Review: Villa E

Jane Alison's fifth novel, Villa E, is an impressionistic work of historical fiction that imagines the fraught relationship between Irish designer Eileen Gray and Le Corbusier, the Swiss-French giant of modernist architecture, surrounding a house on France's Côte d'Azur. The intriguing story of the clash between these two strong-willed artists, despite its brevity, raises some vexing questions about gender relations, creativity, and professional rivalry.

In chapters that shift between the perspectives of Eileen and Le Corbusier (known here as "Le Grand"), Alison (Meander, Spiral, Explode), who teaches creative writing at the University of Virginia, describes the self-taught architect Eileen's innovative design of a house that is "intimate and modern but not a machine," that sits above the Ligurian Sea "like a slim white yacht on the rock." One of the house's most striking features is a "spiral staircase like the whorl of a whelk."

In the late 1930s Le Corbusier is invited to lunch by Jean Badovici (identified as "Bado" in the novel), Eileen's sometime lover and collaborator on the house known as E-1027 (its name combining Eileen's and Jean's names in code), and immediately is seized by the distinctive qualities of this "alarmingly elegant, intelligent place" that's "made not only in Le G's own style but an experiment and critique of his work." When Bado invites him for an extended stay alone at the house, he takes the shocking step of covering some of its stark white walls with sexually explicit drawings. Eileen learns of this desecration from Bado, who refuses to remove his friend's work, establishing a stalemate that's not resolved before German soldiers occupy the house during World War II, preventing Eileen from returning. Only decades later does she see the house again, reflecting on the strangeness of "how places that have been sublimated into memory nevertheless still exist in the world."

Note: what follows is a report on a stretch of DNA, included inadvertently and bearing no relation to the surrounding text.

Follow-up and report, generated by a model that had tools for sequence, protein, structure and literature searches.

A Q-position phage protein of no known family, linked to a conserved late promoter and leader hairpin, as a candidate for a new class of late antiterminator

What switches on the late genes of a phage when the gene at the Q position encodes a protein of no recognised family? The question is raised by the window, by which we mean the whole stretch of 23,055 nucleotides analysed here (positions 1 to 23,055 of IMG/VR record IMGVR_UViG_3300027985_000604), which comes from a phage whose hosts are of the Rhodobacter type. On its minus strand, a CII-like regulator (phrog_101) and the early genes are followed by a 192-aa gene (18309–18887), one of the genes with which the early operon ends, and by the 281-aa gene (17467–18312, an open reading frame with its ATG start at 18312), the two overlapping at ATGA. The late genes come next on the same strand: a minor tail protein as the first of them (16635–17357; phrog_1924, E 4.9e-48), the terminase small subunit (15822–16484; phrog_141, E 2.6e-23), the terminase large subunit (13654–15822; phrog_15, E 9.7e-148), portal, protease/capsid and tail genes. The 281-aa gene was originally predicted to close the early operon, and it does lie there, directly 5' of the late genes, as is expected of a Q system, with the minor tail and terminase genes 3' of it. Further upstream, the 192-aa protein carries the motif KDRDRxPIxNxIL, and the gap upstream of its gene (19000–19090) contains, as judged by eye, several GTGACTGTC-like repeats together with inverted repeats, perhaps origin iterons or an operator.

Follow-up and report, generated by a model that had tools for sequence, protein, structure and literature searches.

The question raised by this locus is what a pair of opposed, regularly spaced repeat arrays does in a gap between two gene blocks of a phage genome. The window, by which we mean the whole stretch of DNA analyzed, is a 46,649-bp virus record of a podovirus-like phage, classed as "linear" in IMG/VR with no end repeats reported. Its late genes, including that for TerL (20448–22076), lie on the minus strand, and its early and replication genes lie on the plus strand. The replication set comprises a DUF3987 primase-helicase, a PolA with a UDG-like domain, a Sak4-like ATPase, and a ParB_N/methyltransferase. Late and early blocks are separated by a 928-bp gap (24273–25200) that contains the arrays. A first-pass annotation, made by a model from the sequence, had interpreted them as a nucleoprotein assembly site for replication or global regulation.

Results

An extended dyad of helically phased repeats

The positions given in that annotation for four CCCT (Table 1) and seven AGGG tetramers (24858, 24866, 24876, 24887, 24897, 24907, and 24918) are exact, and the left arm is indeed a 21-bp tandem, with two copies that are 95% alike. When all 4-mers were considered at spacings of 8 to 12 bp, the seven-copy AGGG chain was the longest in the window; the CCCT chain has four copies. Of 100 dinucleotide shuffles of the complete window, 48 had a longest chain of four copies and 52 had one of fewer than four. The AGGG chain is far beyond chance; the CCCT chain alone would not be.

In framing this controversial encounter, Alison shapes vivid interior lives for her two principal characters. Of the pair, Le Corbusier's is the more substantial, as he oscillates between admiration for Eileen's work and profound creative jealousy. The famed architect also reflects on his marriage and a long history of infidelity that appears to color his view of Eileen and her work. Le Corbusier's obsession with Eileen's creation is so strong that he constructs for himself a small cabin and shack nearby--his "three skinny pine trees and four square meters of sand"--where he lives and works for years. It was there that he died on August 27, 1965, while swimming in the gorgeous sea below. Eileen lived on until 1976. Alison's novel is a provocative glimpse of the short but intense intersection of these two deeply creative and idiosyncratic lives. --Harvey Freedenberg, freelance reviewer

Shelf Talker: Jane Alison's fifth novel is a brief character study of the clash between two key figures of modernist architecture--Le Corbusier and Eileen Gray.

Powered by: Xtenit